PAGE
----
The End of Another Unit, but it’s not going anywhere!

Now that we are at the end of the week, we have finished another unit of the curriculum (yay). On the last day of the unit, we did our egg crash tests, that seemed to all go well in the end. I wanted to explain what Ivana and I did to ensure that our egg would not break and help you to understand why it worked the way it did.

Goal: Egg has to survive a crash test, that is placed in front of a vehicle with ZERO cracks.

Materials we used:

  •  Plastic Container
  • Floral Foam (Fig. 1)

 The way to succeed in getting a good mark was to be able to use materials that are low in mass while being able to have the maximum # of textbook holding the table up (in a inclined plane position), while it is on top of a chair (maximum meaning 10 books).

Ivana and I took the floral foam and shaped it into an egg shape, once the egg totally fit into the mould that we made, we decided to place the egg into a plastic container, which we knew that would protect the egg very well and would not have to worry if the egg was going to crack or not. Once we brought our egg to school and tested it out, it was a success! With the velocity of the ten books and a mass of about 51.9g. 

So how does this work and what factors do you have to think about before starting this experiment?

Some important things to think about:

  • how to reduce the impact
  • make sure the egg is secure so it does not fall out of the vehicle/container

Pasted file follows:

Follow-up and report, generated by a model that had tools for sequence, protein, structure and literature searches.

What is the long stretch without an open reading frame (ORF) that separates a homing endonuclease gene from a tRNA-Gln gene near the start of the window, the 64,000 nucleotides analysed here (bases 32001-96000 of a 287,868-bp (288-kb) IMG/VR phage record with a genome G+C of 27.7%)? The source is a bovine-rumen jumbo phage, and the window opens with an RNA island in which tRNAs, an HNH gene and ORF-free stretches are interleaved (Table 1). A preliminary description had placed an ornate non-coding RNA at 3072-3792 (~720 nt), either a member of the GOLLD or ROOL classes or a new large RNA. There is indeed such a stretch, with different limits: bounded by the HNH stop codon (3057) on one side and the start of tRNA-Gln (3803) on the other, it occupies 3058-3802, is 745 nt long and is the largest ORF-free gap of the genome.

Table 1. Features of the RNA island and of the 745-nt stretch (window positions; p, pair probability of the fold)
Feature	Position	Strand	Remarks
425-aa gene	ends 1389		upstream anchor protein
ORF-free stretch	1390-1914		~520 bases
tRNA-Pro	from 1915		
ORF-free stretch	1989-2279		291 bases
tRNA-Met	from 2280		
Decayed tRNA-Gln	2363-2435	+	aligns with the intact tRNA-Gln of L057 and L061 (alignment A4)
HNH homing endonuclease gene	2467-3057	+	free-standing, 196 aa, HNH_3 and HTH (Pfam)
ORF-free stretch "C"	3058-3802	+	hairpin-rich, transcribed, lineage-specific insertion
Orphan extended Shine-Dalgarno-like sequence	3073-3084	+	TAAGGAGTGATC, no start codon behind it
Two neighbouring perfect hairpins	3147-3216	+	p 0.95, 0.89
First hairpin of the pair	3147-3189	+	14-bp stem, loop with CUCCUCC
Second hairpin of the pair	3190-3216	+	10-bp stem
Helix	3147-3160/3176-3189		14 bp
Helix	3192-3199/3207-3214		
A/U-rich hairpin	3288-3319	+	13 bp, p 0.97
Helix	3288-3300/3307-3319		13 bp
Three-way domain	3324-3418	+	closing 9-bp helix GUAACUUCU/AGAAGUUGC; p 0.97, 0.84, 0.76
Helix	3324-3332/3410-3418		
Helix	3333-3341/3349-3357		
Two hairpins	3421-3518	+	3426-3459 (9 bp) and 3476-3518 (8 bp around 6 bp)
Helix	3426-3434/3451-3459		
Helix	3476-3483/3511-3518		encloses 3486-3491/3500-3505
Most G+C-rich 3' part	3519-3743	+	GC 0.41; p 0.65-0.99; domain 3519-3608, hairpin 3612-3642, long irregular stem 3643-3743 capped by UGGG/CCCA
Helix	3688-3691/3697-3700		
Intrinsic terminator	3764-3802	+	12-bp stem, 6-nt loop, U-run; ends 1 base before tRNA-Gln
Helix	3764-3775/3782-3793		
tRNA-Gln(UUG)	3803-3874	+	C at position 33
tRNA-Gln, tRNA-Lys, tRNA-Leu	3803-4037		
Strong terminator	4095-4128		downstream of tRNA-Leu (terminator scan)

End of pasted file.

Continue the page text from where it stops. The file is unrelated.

• get the lowest mass possible while still protecting the egg, think about materials that are less dense.

Once you have an idea of what you will use to make a container that follows those factors, you should be right on your way to a successful egg crash! Of course, I know everyone succeeded today and some people had even way lower masses than ours, I just wanted to explain how I approached this project with Ivana and I hope that you found it interesting!

So, how did you approach your egg crash? Was it similar to how Ivana and I planned it out? Was there anything different that you thought about?  

I also have a short video on a crash test that Ford did that relates to our egg crash test, ignore most of the audio in the video though, as this is a Ford Commercial.

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The Coin Tower (Blog #2)

          On Monday October 20th, I demonstrated my coin tower showing how inertia and friction works. I used a butter knife and a few coins, I stacked the coins into a tower and I used a fast motion by swiping the bottom coin out of the tower. The result was that the tower remained the way it was, but the last coin was removed.

The explanation for why this works is because of Newton’s First Law stating that an object in motion (or at rest) tends to stay in motion (or at rest). Meaning that the coins stacked want to stay at rest while the last coin that I removed follows the force of the butter knife. The gravity of Earth pulls the tower downward and the butter knife pushes the coin to the left or right depending on what side you swipe. This also deals with friction, if I were to use a slow motion and I swiped the bottom coin out of the tower the friction between the last coin and the tower would drag all the coins with itself, resulting in a toppled tower.

You can try out this experiment at home as well by following this video!